Opened with a beautiful guitar Beyoncé’s voice enters with a somber expression, almost as if this is mysterious. These vocals feel almost opera-ish to me. This song shows her strength and ability to do whatever it takes, even to those who cross her. This song is vulnerable and incredibly well-written, a solid change of pace. 

These instrumentals are almost “The Last of Us” score sounding, which is very enjoyable to me as a fan of this game/show adaptation. Her vocals go really well with this gentle violin and guitar. She’s very somber in this song which is a good contrast to JOLENE and TEXAS HOLD ‘EM. 



Opens very abruptly, Linda Martell states how genres are a “funny little concept,” which we can tie to the general overview of this album. This is an explanation of this new genre change which many speculated and had strong opinions about. This song doesn’t open like the rest, it’s super strangely upbeat. The opening goes crazy. Beyoncé raps this, explaining how no matter the genre change she is being true to herself, and she will continue making these changes and not becoming that “Plain Jane.” 

This is incredibly RENAISSANCE-feeling. I love her rapping, and this beat is crazy. But as always, she makes it work. Literally, why is it called “SPAGHETTII,” can’t hate, this is my favorite song on the album, for sure. Shaboozey has some odd vocals, but it doesn’t ruin the beat. 



The rhythm loses me with this one, I am not exactly a fan of this song in particular, but the vocals are nice.

The Texas twang comes back with this one, not my favorite, the guitar is a little funky, kind of sounds untuned. 



We are met with Willie Nelson once again as he puffs his cigar. He gives us a small speech as we go into the next song. 



This song is slow and somber. Featuring Willie Jones in this song, Beyoncé’s voice is the perfect amount of tone for this tempo, a decent song. 

Sounds a little gospel with the country track and her ethereal vocals. Willie’s vocals clash with Beyoncé’s, though. The vibe of this song is a little odd.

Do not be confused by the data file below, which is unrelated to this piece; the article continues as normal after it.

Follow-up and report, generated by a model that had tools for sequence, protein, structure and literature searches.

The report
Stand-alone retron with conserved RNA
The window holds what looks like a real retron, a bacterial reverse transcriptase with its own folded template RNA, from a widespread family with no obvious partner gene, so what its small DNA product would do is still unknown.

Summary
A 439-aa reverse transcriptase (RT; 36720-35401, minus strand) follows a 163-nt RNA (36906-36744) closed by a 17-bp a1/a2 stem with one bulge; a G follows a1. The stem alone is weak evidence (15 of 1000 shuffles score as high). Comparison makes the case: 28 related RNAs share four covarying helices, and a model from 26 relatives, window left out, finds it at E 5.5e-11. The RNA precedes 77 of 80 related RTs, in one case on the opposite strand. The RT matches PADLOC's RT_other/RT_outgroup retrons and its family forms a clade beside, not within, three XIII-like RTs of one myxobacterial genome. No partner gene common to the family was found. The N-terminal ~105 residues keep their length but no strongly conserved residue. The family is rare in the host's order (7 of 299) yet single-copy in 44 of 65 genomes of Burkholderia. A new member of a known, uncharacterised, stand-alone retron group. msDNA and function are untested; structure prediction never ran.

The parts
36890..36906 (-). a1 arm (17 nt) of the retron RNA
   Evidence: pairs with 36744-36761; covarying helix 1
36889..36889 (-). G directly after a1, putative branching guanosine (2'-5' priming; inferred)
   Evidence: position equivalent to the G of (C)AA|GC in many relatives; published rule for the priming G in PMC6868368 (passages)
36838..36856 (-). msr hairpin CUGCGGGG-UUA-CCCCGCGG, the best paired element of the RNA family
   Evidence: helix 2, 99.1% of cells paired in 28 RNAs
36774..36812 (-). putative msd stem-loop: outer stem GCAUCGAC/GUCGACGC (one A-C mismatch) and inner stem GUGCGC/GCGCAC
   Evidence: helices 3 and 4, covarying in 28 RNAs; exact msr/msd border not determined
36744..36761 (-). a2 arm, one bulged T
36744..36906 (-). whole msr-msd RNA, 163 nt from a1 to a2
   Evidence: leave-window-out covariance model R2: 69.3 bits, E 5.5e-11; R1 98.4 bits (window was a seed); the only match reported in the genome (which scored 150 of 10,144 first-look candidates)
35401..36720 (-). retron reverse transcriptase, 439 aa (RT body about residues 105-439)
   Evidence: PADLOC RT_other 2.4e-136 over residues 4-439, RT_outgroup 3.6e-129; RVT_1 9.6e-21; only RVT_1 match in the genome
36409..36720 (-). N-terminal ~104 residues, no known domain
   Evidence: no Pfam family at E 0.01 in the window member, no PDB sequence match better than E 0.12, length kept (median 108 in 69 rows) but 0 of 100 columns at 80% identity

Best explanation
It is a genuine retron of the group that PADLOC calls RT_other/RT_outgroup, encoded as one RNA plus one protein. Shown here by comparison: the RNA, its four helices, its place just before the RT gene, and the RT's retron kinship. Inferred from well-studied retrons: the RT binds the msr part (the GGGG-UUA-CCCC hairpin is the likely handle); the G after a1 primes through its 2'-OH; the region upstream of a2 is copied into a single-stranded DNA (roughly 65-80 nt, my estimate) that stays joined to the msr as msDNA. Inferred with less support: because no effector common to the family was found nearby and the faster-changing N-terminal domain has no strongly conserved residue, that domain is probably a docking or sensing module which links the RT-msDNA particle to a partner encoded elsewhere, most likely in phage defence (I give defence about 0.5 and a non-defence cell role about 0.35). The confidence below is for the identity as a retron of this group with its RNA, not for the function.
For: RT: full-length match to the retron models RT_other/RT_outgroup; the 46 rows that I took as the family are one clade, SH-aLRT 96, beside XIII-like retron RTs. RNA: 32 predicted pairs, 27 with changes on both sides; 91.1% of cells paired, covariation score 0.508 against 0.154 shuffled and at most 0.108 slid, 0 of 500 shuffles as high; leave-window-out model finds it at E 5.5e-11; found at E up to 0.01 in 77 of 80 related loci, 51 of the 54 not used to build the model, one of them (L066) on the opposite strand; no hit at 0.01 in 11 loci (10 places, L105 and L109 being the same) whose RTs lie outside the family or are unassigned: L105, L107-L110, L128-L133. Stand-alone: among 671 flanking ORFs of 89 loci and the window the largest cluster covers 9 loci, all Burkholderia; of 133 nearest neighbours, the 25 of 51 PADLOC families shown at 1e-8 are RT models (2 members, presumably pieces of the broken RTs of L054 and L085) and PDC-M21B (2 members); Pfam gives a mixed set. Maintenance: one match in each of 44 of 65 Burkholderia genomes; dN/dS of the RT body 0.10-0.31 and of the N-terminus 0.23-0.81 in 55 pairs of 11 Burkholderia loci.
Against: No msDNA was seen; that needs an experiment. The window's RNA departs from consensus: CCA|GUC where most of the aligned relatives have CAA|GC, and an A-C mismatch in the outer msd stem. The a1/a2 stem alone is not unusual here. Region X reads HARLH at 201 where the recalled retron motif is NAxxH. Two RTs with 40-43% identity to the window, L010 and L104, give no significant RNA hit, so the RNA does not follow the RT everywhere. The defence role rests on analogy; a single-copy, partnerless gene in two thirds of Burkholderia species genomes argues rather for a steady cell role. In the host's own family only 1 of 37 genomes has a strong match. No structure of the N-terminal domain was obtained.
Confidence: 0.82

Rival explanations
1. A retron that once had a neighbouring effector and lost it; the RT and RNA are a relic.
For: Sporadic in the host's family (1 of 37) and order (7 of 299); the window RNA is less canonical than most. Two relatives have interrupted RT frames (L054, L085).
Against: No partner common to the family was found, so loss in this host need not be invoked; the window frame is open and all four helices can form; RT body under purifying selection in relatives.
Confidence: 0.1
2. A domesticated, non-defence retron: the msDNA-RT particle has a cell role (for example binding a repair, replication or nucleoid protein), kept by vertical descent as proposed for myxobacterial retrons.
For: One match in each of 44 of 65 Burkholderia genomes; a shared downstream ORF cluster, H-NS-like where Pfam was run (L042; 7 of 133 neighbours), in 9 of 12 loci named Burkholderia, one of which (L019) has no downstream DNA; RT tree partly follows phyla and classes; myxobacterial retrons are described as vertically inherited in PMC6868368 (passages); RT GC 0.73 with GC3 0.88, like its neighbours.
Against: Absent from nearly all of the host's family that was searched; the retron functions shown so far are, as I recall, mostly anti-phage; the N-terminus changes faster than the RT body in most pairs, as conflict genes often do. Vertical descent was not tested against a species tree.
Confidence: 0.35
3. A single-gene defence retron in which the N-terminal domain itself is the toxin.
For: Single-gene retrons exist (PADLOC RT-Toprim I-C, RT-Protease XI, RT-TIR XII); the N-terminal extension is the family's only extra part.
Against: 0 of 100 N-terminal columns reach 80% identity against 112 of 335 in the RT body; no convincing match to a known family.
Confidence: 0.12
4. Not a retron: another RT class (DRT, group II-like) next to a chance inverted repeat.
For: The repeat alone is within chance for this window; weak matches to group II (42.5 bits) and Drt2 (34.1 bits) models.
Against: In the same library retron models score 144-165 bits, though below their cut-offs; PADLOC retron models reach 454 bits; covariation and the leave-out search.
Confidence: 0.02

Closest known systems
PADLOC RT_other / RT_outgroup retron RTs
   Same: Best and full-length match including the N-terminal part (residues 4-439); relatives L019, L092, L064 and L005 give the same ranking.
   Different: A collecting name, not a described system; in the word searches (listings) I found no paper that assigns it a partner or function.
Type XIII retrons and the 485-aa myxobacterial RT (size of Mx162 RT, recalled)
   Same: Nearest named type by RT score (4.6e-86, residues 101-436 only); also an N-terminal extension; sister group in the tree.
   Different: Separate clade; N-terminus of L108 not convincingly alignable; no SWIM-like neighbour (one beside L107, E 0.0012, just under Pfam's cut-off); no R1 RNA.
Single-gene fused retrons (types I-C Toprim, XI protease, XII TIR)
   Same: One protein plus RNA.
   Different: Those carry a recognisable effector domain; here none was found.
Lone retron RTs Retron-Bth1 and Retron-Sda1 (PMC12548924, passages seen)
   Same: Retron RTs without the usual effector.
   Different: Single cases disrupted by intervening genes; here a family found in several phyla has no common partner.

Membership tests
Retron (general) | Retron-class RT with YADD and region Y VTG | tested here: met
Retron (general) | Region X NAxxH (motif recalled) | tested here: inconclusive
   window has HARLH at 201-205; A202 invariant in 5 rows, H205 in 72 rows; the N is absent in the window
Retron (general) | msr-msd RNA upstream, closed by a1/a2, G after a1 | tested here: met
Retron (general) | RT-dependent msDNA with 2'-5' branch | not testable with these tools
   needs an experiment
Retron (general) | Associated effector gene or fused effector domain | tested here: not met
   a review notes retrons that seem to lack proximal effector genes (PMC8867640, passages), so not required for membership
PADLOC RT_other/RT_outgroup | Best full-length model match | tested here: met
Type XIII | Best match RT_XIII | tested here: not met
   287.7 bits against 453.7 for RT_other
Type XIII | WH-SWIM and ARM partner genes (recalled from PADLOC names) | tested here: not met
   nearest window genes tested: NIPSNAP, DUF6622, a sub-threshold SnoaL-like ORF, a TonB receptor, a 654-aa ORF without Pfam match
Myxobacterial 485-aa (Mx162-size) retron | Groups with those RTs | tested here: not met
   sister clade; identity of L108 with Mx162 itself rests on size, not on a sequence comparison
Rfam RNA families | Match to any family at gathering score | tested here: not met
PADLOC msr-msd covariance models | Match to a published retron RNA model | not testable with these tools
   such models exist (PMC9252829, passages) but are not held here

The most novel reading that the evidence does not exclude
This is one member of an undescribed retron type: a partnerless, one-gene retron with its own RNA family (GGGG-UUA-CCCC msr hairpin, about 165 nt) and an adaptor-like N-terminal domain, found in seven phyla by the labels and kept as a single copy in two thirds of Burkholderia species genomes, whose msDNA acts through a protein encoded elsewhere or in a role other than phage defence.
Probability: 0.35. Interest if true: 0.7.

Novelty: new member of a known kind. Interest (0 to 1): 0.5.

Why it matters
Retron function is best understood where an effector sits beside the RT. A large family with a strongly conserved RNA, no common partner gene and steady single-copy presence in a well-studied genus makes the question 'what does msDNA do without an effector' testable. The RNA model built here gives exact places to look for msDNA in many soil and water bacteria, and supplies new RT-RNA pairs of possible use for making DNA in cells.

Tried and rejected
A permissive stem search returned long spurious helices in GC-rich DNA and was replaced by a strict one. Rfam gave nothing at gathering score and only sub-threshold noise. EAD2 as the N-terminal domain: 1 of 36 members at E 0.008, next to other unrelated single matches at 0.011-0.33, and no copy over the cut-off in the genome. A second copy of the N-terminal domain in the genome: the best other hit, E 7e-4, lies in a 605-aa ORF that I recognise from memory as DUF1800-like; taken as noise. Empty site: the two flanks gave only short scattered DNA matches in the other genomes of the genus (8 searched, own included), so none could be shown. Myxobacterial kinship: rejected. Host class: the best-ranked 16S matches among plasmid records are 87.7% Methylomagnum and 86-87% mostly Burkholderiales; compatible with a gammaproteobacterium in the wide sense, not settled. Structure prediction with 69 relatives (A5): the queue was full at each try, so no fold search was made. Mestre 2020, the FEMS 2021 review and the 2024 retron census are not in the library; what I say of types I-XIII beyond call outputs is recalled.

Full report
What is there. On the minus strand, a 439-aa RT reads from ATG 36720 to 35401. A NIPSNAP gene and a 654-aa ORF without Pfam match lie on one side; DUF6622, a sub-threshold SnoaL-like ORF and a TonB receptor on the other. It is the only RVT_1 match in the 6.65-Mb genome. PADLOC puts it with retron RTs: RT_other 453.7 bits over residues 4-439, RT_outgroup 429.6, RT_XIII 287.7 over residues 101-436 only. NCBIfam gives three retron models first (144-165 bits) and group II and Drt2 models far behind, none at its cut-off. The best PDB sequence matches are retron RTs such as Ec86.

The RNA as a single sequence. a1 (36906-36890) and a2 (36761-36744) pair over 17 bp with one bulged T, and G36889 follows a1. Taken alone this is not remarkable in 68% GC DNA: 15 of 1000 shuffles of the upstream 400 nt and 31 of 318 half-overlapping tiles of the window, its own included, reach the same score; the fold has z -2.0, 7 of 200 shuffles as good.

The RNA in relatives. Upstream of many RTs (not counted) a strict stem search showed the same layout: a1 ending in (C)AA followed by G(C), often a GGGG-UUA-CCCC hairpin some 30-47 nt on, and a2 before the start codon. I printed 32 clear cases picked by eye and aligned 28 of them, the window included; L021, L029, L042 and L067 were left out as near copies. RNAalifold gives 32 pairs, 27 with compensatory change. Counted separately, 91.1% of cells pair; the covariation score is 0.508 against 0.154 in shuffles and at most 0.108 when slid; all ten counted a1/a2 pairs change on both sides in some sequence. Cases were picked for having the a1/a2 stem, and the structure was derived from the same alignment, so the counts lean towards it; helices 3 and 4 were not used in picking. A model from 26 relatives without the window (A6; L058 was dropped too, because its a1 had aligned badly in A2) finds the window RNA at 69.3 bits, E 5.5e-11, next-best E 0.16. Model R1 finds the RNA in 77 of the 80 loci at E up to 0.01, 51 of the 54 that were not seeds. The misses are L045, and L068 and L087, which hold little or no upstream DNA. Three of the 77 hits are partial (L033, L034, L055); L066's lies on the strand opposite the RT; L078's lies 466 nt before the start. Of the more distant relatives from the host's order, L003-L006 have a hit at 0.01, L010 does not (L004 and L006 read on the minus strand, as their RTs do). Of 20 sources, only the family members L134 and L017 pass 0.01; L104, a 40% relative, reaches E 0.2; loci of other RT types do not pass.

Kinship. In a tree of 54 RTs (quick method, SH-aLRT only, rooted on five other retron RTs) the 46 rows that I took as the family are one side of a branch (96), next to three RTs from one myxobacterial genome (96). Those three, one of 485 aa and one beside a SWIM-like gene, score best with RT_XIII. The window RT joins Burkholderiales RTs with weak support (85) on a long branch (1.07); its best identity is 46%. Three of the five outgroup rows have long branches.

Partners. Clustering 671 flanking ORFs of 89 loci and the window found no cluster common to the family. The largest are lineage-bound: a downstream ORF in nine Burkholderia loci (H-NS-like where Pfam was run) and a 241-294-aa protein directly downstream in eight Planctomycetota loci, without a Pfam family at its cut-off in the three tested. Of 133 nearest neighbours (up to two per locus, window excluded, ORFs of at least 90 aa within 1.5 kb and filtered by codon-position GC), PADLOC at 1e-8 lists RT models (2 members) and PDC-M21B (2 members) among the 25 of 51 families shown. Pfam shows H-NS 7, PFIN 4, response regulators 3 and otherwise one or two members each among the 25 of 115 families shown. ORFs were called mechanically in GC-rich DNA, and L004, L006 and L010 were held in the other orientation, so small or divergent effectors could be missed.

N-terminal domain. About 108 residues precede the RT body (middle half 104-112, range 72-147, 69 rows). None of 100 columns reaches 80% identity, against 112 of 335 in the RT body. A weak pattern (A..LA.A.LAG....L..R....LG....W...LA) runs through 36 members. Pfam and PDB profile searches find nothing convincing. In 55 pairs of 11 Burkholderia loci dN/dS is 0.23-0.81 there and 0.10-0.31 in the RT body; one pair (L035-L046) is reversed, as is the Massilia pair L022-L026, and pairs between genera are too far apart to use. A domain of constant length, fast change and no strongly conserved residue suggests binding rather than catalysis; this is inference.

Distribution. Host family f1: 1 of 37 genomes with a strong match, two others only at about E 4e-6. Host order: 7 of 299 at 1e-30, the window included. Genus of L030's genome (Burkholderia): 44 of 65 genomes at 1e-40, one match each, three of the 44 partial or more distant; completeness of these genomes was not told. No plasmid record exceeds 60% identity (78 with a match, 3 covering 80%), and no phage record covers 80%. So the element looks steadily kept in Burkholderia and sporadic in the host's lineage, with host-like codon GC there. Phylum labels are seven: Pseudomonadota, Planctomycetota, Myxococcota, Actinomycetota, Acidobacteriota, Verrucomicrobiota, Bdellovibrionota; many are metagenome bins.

Featuring Miley Cyrus, both voices blend into each other seamlessly. This match truly works better than I expected, a solid song. 



Featuring Post Malone, this is yet again another example of two voices matching seamlessly. This song reminds me of newer country music recently, mixing rap and country, and I like it. This song is pretty catchy, and, yet again, solid.

Post’s singing voice is very beautiful, and Beyoncé really highlights it with her backup vocals, but the beat is not my favorite. 



Nothing super special in this song. Good showcase of Beyoncé’s high vocal range, which is a nice display. It’s short and sweet. 



Linda Martell opens for the next coming song, we are taken as if we are in the room with her, hearing the cheers in the track. 



This song is super upbeat and catchy, absolutely boot scooting. I couldn’t keep myself from tapping my foot to the rhythm as Beyoncé’s voice is loud and bold. A great song addition to this album. 

This song samples “These Boots Are Made for Walking” by Nancy Cinatra, and references “Good Vibrations” by The Beach Boys. She adds a lot to this beat though, very upbeat. Definitely made for concert hype towards the end of the album, it’s iconically her. 



Small break in the album.

The pitch changer is kind of hilarious, but cute. 



Opening with an eagle call and funky rhythm. Solid. 

Her voice doesn’t really match this rhythm. The rhythm is very enjoyable but it sounds more like a Tame Impala beat than Beyoncé. Like the fade of “Do-si-do” into “RIIVERDANCE,” though. 



Smooth vocals and fun instrumental, decent.



Slow and sweet, decent.

This rhythm sounds very 2016, her vocals are lovely. 



Featuring Dolly Parton, this song is a sweet country rhythm broken by a hard bass beat. A solid mix of rapping and smooth vocals, this song is a great break in the album and I enjoyed it. 



Catchy and nice rhythm, the different beats in the back work pretty well, overall a solid song. 



The end to a solid album, “AMEN” is a slow started, gorgeously sung song. Beyoncé’s vocals absolutely shine in this song, her tone is perfect and a great ending.

A reference back to AMERICAN REQUIEM. AMERICAN REQUIEM, I noticed referenced AMEN at the very beginning, it’s nice. 



This album is a solid 6/10, I love that Beyoncé has taken this new endeavor into country and absolutely killed it. This album was pretty good and definitely worth the listen, I would recommend it.

Beyoncé keeps her unique charm in this album, not losing her iconic flow and interesting beats. All of her features are properly distributed, and the breaks in between with Willie, Dolly and Linda were a fun touch. I would give it a listen for yourself, it’s worth the hour and 18 minutes.